The promise of insurance reform

With the Rajya Sabha passing the Insurance Laws (Amendment) Bill, the Narendra Modi-led BJP government must be feeling strengthened. The Bill crossed the final hurdle only because its principal bête noire , the Congress, allowed its passage. That it took over six years for Parliament to give its assent to such a widely-anticipated step on the insurance front illustrates the sharp divide — not necessarily ideological — between the two principal players in Indian politics. Convergence of views very often does not lead to a consensus — for obvious political reasons. Nonetheless, the shadow-boxing between these two major national parties has helped trigger a high-voltage debate on the need for reform in the insurance space. The stakes go beyond the political and business constituencies. Insurance reform is only one of the measures the Modi administration is banking on as part of its growth strategy. But the constant polarisation on political lines on key issues is slowing the traction on important fronts and causing uncertainty, that tells on the economy.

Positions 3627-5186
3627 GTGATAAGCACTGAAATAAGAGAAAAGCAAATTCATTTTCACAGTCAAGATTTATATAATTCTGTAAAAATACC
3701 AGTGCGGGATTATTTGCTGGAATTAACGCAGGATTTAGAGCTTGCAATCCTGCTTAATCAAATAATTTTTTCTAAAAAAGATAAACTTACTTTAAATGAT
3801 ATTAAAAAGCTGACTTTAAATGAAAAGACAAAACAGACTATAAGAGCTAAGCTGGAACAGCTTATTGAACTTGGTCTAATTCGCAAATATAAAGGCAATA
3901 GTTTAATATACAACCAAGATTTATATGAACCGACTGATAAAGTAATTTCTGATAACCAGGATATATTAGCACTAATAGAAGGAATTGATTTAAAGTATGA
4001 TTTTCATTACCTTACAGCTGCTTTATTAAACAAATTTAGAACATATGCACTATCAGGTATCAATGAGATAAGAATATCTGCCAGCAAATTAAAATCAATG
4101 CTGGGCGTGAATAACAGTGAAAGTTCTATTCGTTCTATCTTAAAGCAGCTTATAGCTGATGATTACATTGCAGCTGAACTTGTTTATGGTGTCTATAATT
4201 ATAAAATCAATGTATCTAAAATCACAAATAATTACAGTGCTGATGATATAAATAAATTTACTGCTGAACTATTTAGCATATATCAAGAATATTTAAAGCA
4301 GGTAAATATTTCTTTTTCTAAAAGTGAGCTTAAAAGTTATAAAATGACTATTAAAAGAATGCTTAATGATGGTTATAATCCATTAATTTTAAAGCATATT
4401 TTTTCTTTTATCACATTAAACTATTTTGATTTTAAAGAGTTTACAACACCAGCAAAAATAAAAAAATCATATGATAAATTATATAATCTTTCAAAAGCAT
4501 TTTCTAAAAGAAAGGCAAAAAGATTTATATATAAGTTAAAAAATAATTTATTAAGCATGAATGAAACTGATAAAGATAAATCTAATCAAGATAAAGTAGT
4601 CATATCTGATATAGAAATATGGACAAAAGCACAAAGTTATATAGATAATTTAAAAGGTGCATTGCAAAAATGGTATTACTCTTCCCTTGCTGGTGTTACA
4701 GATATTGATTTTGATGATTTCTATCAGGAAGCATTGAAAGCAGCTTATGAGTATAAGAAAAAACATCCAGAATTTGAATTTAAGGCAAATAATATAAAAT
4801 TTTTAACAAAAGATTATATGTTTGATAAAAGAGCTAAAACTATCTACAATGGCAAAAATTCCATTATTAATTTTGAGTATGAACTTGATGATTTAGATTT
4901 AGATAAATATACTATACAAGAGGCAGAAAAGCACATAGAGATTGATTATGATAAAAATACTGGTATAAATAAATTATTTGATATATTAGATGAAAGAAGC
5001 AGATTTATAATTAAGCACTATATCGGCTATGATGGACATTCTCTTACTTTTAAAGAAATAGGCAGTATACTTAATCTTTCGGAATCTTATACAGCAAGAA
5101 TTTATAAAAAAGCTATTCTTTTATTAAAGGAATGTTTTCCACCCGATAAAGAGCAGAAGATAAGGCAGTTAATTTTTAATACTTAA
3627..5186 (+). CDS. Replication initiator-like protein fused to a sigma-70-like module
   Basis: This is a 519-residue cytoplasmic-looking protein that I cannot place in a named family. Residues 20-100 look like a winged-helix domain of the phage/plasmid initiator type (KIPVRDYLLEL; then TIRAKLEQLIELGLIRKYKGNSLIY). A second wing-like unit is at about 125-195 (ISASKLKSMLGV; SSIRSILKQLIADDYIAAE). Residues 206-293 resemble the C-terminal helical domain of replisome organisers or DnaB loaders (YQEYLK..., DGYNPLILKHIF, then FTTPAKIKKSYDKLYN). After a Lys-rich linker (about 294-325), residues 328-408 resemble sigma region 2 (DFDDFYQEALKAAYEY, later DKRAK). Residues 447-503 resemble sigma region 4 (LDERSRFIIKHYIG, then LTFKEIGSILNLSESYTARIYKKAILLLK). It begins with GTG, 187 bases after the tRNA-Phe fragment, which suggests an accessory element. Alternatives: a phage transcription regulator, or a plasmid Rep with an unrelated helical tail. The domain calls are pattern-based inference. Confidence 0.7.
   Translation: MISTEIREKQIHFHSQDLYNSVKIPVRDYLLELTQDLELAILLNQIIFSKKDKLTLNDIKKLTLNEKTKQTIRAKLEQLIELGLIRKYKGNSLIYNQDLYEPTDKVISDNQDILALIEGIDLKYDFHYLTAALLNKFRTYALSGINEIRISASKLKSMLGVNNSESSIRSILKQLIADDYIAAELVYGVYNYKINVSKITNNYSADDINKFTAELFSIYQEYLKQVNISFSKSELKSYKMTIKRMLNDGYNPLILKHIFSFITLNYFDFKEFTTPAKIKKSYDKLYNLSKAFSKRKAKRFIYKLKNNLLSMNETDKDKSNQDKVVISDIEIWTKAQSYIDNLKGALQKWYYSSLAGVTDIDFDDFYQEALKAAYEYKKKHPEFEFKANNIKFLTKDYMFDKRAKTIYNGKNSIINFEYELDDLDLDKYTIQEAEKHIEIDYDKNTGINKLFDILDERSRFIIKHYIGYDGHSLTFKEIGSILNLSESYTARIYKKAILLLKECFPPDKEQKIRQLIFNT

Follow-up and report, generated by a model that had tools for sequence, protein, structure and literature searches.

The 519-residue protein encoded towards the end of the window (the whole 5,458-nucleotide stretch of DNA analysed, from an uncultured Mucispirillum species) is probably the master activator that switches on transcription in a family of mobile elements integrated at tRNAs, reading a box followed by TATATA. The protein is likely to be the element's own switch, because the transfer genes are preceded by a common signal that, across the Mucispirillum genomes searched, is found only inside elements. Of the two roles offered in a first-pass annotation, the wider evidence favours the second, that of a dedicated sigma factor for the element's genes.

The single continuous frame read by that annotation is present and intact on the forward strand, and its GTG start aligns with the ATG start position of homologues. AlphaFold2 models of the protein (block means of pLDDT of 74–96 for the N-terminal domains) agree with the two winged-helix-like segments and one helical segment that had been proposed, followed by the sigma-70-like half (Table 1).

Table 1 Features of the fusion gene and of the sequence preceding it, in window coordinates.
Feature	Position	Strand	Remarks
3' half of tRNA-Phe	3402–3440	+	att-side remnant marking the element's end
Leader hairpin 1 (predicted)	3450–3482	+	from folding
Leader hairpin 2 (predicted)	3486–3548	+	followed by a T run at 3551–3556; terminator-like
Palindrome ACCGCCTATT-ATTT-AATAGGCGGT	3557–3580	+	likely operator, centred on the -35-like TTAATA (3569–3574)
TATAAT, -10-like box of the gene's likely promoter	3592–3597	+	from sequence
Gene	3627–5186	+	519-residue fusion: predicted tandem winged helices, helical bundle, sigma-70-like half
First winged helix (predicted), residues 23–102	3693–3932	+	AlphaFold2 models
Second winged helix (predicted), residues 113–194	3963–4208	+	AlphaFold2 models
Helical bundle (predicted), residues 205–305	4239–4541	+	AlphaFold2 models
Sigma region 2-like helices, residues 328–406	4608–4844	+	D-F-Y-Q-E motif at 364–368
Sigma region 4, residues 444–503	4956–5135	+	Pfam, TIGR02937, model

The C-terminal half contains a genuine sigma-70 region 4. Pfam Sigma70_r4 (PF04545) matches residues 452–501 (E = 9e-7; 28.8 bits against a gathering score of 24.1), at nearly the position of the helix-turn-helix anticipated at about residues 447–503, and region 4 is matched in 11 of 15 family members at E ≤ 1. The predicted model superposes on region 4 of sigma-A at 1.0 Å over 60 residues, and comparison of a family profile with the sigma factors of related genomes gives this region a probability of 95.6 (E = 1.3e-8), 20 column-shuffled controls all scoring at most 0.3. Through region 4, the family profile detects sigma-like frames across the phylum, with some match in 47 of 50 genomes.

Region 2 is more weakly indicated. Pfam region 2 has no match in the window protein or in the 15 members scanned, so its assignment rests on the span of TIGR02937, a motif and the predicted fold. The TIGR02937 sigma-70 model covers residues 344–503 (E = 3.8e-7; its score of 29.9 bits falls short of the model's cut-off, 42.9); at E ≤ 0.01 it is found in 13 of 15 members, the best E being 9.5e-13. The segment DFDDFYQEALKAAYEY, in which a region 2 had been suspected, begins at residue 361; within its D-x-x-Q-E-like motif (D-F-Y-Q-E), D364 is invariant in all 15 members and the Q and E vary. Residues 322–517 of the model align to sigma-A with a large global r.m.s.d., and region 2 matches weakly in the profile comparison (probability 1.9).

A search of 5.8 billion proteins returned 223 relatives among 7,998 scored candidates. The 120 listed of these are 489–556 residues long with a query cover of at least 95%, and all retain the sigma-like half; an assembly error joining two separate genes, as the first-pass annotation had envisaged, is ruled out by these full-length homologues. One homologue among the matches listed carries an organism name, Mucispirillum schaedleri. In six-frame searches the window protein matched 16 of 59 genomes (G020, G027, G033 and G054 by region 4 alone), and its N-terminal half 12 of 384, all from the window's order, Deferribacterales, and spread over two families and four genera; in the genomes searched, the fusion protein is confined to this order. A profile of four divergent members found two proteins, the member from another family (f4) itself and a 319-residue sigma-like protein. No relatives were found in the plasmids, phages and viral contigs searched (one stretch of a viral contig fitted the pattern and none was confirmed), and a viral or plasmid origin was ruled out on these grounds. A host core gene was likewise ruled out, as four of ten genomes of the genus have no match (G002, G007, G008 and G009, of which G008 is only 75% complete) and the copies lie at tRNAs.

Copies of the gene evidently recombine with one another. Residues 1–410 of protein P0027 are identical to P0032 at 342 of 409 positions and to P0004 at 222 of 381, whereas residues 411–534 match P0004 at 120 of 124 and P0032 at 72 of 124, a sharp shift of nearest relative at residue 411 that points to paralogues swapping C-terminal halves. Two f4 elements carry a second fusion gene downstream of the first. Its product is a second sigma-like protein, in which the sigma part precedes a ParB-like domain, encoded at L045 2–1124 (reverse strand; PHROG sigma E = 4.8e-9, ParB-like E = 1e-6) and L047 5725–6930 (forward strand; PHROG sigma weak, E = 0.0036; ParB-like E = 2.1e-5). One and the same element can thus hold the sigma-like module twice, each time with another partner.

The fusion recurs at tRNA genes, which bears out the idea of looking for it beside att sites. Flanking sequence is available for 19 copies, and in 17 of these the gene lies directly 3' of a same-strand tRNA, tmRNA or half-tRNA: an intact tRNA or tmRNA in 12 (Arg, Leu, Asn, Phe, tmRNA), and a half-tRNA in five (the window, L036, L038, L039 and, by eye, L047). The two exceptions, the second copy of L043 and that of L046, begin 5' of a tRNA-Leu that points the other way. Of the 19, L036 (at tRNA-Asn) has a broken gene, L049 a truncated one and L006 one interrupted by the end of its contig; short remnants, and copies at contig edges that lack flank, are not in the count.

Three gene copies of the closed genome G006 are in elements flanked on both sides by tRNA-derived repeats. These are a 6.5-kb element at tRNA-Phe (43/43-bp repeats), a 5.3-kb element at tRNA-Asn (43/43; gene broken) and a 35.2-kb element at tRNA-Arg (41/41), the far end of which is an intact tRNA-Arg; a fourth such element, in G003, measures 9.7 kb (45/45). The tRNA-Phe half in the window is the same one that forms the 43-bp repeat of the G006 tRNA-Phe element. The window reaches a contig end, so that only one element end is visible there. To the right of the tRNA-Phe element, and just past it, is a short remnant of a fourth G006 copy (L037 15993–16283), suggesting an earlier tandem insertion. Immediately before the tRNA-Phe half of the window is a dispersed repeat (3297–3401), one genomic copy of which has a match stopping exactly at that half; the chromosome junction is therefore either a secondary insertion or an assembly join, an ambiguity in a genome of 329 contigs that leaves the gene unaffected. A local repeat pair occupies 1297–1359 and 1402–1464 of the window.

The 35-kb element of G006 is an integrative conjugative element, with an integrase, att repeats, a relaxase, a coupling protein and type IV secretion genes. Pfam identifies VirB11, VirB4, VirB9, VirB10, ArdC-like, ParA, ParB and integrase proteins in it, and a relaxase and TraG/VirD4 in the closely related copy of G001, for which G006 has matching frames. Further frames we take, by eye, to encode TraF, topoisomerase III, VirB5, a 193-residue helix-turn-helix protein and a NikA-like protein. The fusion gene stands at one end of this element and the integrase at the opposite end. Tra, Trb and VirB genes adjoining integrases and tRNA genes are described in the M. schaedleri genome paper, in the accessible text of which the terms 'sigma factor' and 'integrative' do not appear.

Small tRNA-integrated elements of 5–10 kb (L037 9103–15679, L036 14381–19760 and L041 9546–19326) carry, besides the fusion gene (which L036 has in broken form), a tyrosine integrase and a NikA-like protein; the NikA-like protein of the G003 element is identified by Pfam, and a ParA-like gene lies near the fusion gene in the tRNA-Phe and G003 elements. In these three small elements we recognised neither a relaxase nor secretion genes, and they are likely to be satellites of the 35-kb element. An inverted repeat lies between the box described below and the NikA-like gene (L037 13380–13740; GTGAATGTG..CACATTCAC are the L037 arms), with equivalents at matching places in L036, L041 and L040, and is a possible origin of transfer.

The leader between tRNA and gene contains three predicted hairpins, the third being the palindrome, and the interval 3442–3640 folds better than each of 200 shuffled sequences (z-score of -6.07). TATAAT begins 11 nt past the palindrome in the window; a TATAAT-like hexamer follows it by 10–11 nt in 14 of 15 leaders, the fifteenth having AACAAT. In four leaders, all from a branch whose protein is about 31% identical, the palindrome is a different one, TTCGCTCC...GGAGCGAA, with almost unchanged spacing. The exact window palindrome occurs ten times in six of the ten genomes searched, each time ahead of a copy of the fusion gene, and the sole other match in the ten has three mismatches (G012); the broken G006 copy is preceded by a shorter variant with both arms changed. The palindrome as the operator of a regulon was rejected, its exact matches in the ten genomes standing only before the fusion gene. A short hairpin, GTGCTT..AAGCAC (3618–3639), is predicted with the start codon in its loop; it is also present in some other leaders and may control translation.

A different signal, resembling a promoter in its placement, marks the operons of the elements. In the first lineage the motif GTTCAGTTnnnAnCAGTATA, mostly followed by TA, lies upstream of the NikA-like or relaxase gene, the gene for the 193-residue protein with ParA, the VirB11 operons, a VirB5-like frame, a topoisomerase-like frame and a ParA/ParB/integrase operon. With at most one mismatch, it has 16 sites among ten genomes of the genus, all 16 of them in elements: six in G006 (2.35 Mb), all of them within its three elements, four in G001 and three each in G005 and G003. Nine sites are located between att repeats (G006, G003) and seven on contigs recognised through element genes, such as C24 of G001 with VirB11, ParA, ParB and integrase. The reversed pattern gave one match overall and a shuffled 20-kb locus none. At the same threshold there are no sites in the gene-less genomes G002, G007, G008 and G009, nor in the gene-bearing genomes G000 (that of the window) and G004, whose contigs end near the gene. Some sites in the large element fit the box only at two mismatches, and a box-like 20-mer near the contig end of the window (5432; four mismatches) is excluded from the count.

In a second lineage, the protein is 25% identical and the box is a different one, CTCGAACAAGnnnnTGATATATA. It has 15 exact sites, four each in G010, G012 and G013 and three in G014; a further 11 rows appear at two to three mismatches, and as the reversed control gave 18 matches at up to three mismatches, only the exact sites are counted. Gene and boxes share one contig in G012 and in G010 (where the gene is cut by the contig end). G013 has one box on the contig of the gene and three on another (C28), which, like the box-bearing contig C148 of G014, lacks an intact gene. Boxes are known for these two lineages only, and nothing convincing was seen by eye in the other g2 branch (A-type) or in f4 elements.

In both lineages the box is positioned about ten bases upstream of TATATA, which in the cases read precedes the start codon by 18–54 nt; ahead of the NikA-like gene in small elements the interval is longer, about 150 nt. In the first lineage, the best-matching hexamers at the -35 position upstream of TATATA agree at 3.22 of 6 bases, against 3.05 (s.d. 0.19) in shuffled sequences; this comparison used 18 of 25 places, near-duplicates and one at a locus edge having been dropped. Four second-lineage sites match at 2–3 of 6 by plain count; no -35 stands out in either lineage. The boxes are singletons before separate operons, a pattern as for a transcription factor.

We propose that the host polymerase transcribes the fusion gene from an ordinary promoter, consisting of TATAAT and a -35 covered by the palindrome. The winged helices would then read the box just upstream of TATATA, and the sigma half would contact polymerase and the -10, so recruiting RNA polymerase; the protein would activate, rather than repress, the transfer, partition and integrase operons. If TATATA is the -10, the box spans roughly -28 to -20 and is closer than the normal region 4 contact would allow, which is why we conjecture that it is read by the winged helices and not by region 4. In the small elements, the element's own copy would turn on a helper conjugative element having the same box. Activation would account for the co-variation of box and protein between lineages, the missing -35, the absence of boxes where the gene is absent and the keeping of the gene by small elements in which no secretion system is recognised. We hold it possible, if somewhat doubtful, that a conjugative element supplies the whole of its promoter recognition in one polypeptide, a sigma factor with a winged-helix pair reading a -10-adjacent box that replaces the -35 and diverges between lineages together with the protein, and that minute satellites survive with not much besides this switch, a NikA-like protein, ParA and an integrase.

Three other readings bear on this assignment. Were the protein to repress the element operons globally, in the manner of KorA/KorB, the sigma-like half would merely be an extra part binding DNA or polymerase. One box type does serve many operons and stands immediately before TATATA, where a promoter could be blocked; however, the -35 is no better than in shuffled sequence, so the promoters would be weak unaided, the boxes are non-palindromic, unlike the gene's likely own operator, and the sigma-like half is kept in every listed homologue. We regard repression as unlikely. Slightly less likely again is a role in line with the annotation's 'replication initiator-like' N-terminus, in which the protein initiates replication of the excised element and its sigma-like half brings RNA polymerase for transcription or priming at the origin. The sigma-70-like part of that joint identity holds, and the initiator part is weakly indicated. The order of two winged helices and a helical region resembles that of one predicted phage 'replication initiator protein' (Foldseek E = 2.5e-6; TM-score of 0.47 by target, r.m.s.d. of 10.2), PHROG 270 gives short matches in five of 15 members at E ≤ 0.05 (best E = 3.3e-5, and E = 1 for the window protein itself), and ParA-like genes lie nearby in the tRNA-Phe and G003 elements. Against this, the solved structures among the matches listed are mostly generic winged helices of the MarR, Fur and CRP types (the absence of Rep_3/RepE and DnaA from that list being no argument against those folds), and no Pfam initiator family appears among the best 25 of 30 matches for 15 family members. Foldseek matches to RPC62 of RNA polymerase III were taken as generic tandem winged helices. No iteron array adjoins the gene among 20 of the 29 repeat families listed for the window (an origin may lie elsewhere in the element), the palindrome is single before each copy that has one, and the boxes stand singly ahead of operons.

Now that the way is clear for 49 per cent foreign holding in an insurance company, will the country see a flood of foreign direct investment? At the moment, the field is laid a lot easier for players. The operating environment has been redesigned to facilitate foreign investors to engage in the long-haul game. Insurance penetration in India, life and non-life put together, was just about 3.9 per cent in 2013, up from 2.3 per cent in 2000, according to Economic Survey 2014-15. This reveals the extent of opportunities available. Interestingly, according to the Survey, private insurers saw a 1.4 per cent decline in their premium in 2013-14 even as the Life Insurance Corporation recorded 13.5 per cent growth. These numbers tell a tale of their own. For long, insurance has been viewed only as a tax-saving tool. The protection element still has not seeped into the mind of the common person. Changing the mindset and spreading the net will involve much time and enormous cost. Competition could invigorate the field by providing greater access and more products at fair prices. Given the dynamics of the Indian marketplace, foreign players could bring to the table new dimensions. The experience elsewhere — as in the automobile industry — suggests that competition makes the consumer demanding. Surely, the Indian insurance field requires a more aggressive customer. The passage of the Insurance Bill will indeed go a long way in reconfiguring India’s position in the global marketplace.

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